Many DHTs may be worn as you know, like implanted, ingested, or placed in the environment. And this is a really critical point because when we think of DHTs a lot of times we think of wearable trackers. This is, goes far beyond that. And placing those DHTs in a specific environment and allowing real time collection of data from trial participants in their homes and their locations, which, as you mentioned, remote to the clinical trial sites, can help gather real-world data relating to patient health status or the delivery of health care. You know, it’s practically, rather than getting a segmented view of patients behavior or input, you’re going to get a bit more of a holistic picture.

One area that I‘m keen on is how we can use technology to assist in the recruitment and retention of trial participants, as well as explaining trial processes to those participating in a more user-friendly and meaningful way. You know, one of the key reasons for failure in clinical trials is lack of recruitment. So can we utilize those tools to do better in this area is something we’re very much interested in.

Dr. Roach: This could really benefit clinical trials and drug development.

Dr. ElZarrad: Yeah, absolutely. You know, like, there are many examples, you know. Take DHTs - may enable continuous or frequent measurements of clinical features, or measurements of novel clinical features even. Those could, not be captured usually in traditional study visit because you go to the site. Typically, you capture data at the point. DHTs can enable much more really, in capturing more comprehensive data in that sense.

Those are typically state-of-the-art digital health technologies that we’re seeing increasingly. They allow participants of themselves to partake in the clinical trial remotely, so you can for example see how they are a natural fit for decentralized clinical trials, you know. Like for example, you can really reach communities by utilizing those tools that have never been reached before any clinical trials. Typically, those communities also have a huge burden of the disease.

We still though, we have to need to avoid a little bit the flashiness of those new technologies. You know, that we call them this new tool. Everybody wants to be, you know, part of this innovation right? So, but we have to really avoid the flashiness behind this new technology and ask, first - Do they fit in the context of the trial. I can give you one example in a recent meeting with academic experts, they really highlighted to us that customization and incorporation of technologies may also lead to increased complexity. We tend to think of those tools as removing complexity. But we really have to think about the context in its totality.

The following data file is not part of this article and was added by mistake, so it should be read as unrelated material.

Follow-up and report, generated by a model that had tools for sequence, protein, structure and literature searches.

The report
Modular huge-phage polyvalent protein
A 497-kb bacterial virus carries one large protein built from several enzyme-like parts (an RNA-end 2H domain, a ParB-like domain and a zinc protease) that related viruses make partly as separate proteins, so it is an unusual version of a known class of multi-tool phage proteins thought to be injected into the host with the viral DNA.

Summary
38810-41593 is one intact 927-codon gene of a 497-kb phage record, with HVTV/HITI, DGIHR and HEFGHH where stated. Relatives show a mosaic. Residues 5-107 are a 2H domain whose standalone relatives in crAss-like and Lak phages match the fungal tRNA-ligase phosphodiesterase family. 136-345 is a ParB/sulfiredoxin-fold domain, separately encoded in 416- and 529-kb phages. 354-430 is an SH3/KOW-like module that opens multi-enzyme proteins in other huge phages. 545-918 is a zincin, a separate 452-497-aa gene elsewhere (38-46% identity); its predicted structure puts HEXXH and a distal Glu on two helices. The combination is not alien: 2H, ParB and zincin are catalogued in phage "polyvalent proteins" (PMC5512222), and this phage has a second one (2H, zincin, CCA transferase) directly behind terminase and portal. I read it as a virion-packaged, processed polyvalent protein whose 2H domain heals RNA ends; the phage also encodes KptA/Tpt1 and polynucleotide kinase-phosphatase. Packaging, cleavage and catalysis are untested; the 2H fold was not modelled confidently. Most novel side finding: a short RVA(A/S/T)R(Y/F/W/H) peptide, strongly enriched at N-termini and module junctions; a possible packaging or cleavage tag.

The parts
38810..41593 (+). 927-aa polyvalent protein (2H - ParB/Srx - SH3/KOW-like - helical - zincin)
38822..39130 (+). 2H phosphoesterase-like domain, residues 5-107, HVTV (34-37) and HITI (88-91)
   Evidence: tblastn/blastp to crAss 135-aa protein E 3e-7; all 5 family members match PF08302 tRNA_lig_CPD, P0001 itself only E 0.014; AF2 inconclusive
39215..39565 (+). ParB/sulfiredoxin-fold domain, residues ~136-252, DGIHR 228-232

Dr. Roach: Considering the tools, data, and analytics we have discussed so far, such as Digital Health Technologies and Real-World Data, how is AI being increasingly integrated in areas where FDA is actively engaged?

Dr. ElZarrad: Yeah, good question. Many DHTs are AI-enabled, either as you know, embedded algorithm within the DHT itself, or employed upon the data generated from the DHT after the data is collected. So the utility of AI can really be in multiple places here.

Take one example: AI has been used to predict the status of chronic disease and its response to treatment, or to identify novel characteristics of an underlying condition. AI can be utilized to analyze the large and diverse data sets. This is, can be generated from continuous monitoring for example, continuous monitoring of participants. And AI can also be used for a range of data cleaning and curation purposes, an area that’s really important in the context of real-world data. This could include, for example, identifying duplicate participation, imputation of missing data values, as well as the ability to harmonize controlled terminology across drug development program.

One other point is that AI has also been used to analyze high volumes of real-world data extracted from electronic health records, medical claims, and disease registries, among other sources. We are also seeing AI being used in creating EHR phenotype, or patient cohorts, based on health records and claims data.